The Central and some state governments have also been using, or misusing, the law to prosecute journalists, These laws include the UAPA (Unlawful Activities Prevention Act) and the PMLA (Prevention of Money Laundering Act), both of which have been freely used to deny bail and keep people in jail. But these are not the only laws. A variety of laws has been weaponised against journalists, from incitement to sedition. India’s press freedom index has fallen 19 places since 2014. There has rarely been a more challenging time to be a journalist.

Gafira: What are the biggest challenges when you report critically on the government?

Samar: The biggest challenge is that the government can retaliate by means insidious and foul. The union government’s attention is constant, towards individual reporters and organisations. While these challenges have spread nationwide, the gold standard for suppressing the media has been Kashmir. Many of our reporters there have faced threats, and intimidation, and journalism there has been, quite plainly, criminalised. As a result, many have stopped writing due to the danger to themselves and their families. This threat is now spreading beyond Kashmir to other regions, especially in but not limited to the North.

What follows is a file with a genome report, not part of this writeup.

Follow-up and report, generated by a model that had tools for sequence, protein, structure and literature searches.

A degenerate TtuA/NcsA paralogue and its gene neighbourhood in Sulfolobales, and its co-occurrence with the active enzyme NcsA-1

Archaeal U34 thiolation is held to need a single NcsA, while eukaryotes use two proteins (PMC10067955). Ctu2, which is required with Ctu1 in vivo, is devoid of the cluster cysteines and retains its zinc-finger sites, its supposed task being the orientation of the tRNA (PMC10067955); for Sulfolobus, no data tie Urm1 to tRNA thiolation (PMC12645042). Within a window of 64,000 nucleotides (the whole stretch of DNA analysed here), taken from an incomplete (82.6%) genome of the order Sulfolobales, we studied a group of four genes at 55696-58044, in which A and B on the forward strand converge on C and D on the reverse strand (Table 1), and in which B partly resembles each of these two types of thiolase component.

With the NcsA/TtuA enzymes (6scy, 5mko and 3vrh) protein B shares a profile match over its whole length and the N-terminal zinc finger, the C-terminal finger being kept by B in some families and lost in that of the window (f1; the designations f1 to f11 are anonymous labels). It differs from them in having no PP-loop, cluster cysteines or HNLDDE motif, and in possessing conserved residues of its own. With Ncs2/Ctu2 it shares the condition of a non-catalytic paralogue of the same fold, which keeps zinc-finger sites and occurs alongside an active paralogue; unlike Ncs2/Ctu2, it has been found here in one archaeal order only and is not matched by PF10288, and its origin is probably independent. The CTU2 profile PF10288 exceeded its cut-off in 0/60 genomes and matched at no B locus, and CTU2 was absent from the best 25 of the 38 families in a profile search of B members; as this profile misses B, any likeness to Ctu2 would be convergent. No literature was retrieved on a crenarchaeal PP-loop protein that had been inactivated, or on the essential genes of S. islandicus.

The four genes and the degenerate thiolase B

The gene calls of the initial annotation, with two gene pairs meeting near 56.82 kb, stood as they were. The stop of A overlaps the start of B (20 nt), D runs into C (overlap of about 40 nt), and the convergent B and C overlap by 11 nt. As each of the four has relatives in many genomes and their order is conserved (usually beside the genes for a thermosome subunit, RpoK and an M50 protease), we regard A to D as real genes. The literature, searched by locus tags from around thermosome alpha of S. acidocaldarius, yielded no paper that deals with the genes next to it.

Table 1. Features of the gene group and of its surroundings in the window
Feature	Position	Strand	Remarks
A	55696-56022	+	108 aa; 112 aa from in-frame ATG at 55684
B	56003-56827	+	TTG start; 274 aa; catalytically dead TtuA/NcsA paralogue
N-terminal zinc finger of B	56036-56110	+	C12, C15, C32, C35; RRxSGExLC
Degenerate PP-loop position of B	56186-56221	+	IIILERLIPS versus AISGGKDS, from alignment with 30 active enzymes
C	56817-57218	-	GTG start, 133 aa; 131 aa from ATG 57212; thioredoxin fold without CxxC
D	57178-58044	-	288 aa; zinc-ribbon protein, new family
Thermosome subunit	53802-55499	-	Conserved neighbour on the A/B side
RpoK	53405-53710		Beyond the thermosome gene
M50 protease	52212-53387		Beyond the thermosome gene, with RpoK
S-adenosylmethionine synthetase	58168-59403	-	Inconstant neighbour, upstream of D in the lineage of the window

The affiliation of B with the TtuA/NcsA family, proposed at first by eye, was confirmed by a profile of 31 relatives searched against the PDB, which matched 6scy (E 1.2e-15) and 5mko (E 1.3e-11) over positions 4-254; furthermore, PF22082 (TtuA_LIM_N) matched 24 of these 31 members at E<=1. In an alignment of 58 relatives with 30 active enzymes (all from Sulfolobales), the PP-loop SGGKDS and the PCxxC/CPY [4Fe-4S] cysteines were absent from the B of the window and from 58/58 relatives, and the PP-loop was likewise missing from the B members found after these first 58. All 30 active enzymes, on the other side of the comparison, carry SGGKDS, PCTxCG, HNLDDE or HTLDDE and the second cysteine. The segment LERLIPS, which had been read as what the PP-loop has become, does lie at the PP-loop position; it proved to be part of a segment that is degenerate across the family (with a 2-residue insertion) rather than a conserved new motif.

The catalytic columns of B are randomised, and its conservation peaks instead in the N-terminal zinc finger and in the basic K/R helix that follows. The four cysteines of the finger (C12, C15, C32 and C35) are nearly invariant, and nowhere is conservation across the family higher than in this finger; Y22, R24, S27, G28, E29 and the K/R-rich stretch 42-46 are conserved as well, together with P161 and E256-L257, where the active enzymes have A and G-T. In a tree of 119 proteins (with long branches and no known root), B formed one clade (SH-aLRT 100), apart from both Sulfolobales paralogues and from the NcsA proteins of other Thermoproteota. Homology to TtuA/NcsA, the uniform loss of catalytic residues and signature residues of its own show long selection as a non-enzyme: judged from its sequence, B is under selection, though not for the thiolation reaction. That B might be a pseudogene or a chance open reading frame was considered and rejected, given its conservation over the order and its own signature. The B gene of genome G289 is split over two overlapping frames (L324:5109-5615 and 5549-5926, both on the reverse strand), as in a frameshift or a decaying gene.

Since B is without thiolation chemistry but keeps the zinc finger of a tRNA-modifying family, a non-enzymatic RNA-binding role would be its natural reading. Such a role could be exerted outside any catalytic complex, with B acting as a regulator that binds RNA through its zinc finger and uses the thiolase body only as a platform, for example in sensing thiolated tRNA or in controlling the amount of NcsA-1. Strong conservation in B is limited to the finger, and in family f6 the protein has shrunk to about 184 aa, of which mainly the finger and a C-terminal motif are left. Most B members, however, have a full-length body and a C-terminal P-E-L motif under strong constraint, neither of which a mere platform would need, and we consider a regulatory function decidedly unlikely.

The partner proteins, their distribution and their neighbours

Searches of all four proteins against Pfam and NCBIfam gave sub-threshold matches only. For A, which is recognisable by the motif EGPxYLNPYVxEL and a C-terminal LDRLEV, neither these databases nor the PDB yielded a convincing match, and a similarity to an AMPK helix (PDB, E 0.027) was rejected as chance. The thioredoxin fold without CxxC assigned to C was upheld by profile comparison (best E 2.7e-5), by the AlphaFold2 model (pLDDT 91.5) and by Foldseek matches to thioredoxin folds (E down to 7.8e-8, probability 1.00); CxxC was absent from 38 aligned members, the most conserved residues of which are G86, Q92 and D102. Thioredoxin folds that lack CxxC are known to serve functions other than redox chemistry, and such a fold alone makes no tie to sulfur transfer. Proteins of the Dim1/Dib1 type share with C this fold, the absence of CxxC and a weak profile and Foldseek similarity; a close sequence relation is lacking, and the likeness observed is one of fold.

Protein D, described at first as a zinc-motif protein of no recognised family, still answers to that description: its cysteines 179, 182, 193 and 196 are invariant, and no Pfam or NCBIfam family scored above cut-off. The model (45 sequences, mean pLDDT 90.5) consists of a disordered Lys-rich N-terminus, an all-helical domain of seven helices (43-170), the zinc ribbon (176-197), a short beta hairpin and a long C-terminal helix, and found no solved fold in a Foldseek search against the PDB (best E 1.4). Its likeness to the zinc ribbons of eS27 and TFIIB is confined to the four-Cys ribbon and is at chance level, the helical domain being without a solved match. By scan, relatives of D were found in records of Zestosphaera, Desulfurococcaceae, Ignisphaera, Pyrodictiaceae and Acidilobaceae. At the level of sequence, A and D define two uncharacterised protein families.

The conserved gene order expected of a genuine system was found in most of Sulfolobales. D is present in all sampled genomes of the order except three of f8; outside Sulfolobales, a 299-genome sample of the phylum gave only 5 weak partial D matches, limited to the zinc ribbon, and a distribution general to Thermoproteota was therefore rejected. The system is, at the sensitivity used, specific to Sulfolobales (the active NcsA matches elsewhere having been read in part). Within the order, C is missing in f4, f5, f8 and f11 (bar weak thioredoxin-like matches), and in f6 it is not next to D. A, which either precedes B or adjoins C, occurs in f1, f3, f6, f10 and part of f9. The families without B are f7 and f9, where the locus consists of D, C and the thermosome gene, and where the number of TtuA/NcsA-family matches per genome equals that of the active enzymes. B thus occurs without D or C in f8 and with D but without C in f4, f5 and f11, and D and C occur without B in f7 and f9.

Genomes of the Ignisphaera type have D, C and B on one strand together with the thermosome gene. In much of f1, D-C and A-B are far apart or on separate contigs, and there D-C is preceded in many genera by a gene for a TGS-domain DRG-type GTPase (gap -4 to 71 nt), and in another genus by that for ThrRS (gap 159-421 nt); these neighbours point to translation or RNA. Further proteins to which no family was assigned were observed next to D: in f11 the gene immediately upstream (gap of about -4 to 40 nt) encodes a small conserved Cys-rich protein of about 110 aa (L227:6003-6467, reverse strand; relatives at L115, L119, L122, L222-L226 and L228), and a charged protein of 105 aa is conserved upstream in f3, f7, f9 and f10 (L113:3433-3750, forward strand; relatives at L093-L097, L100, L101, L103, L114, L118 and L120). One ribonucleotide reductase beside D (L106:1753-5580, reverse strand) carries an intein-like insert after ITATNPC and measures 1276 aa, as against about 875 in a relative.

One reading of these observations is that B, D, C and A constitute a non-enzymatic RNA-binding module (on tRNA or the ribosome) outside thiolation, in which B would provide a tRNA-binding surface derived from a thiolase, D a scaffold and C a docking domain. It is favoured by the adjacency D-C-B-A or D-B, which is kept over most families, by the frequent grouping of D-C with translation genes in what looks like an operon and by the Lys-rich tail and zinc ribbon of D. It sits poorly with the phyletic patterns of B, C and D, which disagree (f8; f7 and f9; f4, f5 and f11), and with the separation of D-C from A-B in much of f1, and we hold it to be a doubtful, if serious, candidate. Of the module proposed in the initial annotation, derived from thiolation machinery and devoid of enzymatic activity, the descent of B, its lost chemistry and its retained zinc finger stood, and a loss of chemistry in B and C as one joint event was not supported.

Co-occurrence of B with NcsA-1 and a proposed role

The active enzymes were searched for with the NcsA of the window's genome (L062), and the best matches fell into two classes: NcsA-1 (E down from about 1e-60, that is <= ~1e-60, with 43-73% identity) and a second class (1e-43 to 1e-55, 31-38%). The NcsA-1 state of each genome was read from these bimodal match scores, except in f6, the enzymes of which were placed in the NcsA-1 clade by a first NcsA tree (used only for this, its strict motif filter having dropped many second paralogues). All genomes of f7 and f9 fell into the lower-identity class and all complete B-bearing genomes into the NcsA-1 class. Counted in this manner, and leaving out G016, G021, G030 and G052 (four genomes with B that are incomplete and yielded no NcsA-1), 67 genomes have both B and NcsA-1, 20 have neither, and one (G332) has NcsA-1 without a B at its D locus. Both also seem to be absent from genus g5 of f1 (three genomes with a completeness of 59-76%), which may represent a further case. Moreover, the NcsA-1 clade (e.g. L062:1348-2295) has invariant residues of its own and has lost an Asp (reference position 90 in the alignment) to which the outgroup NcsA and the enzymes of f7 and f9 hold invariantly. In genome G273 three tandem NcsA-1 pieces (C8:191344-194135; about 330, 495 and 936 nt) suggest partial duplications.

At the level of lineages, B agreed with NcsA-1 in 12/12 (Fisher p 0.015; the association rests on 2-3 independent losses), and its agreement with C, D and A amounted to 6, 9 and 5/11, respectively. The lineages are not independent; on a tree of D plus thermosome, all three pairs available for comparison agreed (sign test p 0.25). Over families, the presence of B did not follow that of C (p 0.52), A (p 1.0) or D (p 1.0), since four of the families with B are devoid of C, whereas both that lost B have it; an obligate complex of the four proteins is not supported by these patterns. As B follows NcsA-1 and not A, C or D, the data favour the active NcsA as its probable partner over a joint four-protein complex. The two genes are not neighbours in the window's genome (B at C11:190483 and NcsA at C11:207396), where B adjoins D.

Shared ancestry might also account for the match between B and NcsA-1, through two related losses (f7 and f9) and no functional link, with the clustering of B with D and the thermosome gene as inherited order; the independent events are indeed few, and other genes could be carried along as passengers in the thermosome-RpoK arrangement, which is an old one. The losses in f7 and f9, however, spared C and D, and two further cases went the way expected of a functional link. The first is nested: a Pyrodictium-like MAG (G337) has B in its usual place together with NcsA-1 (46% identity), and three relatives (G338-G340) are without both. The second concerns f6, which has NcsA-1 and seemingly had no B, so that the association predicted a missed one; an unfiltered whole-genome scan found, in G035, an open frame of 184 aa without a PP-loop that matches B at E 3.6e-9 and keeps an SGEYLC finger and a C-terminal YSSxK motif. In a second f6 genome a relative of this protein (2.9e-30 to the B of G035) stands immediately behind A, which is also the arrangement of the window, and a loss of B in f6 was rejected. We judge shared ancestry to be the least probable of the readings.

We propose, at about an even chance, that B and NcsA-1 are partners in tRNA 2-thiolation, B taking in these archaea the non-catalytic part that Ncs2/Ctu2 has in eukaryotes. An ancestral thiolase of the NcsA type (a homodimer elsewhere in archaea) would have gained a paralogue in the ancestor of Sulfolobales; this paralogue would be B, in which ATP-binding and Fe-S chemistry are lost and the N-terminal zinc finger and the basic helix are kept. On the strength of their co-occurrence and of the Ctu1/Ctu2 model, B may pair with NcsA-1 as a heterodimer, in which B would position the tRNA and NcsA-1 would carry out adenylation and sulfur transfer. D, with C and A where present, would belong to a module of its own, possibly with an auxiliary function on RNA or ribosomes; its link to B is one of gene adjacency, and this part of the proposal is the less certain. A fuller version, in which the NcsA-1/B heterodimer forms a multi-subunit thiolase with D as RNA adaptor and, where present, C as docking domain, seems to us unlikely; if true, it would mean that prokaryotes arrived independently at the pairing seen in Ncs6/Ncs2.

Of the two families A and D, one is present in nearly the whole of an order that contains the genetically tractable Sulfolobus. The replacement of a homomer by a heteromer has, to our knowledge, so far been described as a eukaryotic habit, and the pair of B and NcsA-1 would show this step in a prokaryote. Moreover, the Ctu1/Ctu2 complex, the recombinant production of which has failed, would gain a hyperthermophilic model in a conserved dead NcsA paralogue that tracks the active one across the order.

Gafira: Have you experienced any instances of censorship or pressure from the government? Are there any legal challenges that your organization faced recently?

Samar: We have not, but other independent media organizations have. We are on the government’s radar. I won’t go into details, but for specific stories, we have faced problems. We have not yet faced legal challenges, but we do have a dormant criminal case against us, and I often think it is not a question of if but when. 

Gafira: Have you and other independent media outlets encountered financial pressures, such as the withdrawal of advertisements, due to their critical stance? How do they gauge public support for their organizations?